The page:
As pet obesity becomes more widespread, it is your duty as a responsible pet owner to recognize the signs and prevent your furry friend from becoming overweight. Maintaining a healthy weight is crucial to your pet’s well-being and overall quality of life. Overweight pets have an increased risk of developing weight-related diseases such as diabetes, arthritis, high blood pressure, kidney disease, cancer and more.
Recognizing whether or not your pet is overweight can be tricky. Your veterinarian can help you distinguish whether or not your pet is an ideal body weight. If it is determined that your pet is overweight, your veterinarian can also discuss an appropriate diet for your pet, including what to feed and mealtime frequency.
To help you better care for your furry loved one, we’ve developed a quick starter guide in recognizing and preventing pet obesity.
Ideal Body Weight: What does it look like?
Generally, you should be able to feel and count your pets ribs when you run your hands along his sides. When you look down on your pet from above, you should see an hourglass figure. When you view your pet from the side you should see a slight tuck or upward slope of the tummy.
Food amount: Focus on the calories.
Rather than focusing on how much you should feed your pet, focus on the precise number of calories and nutrients your pet requires on a daily basis. Talk to your veterinarian about how many calories your pet requires and memorize that number. That way, regardless of the brand or type of food your pet is getting, you can determine how much to feed. Don’t forget to include treats in this caloric count.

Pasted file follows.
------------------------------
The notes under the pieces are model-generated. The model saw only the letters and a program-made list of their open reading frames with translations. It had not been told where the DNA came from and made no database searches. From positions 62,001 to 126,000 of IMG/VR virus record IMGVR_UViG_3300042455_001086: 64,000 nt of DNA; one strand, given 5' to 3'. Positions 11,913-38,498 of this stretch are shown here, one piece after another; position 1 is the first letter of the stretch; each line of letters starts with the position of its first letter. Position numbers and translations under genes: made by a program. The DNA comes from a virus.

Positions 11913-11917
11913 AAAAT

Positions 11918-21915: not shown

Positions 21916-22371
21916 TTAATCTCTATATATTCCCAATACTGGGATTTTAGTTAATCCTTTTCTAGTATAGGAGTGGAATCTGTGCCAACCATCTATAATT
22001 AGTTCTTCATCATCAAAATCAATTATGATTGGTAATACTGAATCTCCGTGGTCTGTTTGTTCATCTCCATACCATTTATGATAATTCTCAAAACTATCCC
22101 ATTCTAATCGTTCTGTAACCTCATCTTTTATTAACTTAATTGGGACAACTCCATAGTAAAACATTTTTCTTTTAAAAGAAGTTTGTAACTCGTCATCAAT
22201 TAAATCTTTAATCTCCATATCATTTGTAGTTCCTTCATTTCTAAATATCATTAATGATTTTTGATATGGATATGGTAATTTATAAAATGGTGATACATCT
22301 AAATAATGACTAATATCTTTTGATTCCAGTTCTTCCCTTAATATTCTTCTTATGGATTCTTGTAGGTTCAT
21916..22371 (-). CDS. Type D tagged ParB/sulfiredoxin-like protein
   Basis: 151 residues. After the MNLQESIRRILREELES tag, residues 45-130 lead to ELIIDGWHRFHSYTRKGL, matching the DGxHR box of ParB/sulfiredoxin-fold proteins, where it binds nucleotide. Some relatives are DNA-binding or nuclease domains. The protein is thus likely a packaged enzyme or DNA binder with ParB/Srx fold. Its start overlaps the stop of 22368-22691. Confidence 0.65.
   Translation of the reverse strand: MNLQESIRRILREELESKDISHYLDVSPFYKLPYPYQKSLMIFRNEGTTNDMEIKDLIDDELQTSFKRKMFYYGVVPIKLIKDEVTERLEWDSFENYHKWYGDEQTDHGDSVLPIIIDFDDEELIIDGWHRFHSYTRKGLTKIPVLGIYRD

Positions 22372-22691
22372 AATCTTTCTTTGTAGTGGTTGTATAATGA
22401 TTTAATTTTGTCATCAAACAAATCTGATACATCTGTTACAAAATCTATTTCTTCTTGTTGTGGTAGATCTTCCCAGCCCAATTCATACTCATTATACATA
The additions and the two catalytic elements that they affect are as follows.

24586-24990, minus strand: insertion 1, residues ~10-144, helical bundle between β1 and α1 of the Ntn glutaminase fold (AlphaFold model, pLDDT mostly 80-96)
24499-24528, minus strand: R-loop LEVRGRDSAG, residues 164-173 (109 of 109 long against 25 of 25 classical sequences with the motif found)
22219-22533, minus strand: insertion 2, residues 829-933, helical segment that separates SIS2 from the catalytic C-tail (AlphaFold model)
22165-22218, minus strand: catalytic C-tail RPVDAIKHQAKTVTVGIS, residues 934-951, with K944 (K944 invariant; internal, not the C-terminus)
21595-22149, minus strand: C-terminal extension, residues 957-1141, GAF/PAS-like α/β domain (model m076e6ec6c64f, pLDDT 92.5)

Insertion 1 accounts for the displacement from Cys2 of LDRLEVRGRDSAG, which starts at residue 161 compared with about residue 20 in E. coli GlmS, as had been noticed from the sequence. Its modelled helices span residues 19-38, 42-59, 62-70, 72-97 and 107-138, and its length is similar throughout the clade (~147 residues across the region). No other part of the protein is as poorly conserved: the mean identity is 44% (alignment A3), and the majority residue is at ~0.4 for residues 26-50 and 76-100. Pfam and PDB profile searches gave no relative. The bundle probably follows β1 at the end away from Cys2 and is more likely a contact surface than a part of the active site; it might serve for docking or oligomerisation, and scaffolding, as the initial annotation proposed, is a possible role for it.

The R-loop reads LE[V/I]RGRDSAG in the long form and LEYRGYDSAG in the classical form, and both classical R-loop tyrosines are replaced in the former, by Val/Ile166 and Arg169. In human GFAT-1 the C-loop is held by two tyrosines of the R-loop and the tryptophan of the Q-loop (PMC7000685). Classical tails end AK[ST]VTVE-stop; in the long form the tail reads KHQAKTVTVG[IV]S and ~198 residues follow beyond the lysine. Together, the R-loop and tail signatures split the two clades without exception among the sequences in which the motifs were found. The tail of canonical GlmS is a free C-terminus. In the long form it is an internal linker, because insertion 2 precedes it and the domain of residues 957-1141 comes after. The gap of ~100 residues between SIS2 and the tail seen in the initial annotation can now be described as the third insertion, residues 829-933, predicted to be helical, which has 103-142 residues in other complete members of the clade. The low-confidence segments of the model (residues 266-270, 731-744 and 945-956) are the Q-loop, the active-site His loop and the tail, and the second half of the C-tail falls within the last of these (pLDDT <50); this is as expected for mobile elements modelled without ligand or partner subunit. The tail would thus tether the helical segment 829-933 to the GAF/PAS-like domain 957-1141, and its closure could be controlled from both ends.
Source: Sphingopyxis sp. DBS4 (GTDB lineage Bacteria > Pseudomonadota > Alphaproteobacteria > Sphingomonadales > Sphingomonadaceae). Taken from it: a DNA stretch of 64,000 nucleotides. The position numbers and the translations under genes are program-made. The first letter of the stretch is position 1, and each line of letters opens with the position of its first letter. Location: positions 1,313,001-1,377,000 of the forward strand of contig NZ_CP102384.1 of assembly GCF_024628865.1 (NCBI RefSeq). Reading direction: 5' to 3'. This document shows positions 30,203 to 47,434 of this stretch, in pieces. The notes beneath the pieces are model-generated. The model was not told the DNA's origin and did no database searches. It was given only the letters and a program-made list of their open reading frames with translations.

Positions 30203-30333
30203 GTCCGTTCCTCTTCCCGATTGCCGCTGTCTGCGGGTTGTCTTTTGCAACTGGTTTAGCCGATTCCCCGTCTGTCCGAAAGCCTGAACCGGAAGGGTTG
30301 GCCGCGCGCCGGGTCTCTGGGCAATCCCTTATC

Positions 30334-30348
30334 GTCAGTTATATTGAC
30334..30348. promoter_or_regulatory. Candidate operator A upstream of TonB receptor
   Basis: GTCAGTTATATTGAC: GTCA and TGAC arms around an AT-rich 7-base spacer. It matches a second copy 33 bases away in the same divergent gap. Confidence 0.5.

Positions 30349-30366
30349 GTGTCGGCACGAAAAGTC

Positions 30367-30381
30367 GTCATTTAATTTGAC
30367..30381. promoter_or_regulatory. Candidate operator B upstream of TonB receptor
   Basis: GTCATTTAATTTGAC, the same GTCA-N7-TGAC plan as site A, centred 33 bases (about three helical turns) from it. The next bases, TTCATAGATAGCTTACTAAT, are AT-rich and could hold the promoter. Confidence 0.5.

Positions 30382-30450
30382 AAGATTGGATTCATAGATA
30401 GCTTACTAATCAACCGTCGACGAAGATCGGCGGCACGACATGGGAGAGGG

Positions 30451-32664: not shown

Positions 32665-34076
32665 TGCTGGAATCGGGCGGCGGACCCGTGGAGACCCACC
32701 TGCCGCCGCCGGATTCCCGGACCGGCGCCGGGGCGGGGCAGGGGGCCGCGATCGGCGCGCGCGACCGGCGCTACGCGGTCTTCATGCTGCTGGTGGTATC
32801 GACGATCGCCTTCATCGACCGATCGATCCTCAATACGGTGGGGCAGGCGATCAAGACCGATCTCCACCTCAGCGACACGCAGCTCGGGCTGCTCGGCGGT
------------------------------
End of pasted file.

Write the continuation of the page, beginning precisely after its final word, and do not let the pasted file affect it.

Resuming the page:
Weight-Loss Plans: It’s a gradual process
Pet weight-loss is a gradual process and should not be rushed. Generally, a dog can safely lose 1-3 percent of its body weight in a month and a cat can lose 0.5-2 percent per month. Reducing your pet’s weight by any more than this can be life-threatening. Crash diets are very dangerous for pets and can lead to liver failure in as little as 72 hours. Talk to your veterinarian about a possible step-diet plan that gradually reduces the amount of food your pet gets over a 1 to 3-month period.
Keeping up with your pet’s daily exercise routine is crucial to maintaining a healthy weight. Dogs should receive at least 30 minutes of aerobic exercise every day and cats should strive for at least three 5-minute intense play periods every day.
If you would like information from an Anti-Cruelty Society Behavior Specialist regarding this behavior topic, please call 312-645-8253 or email firstname.lastname@example.org.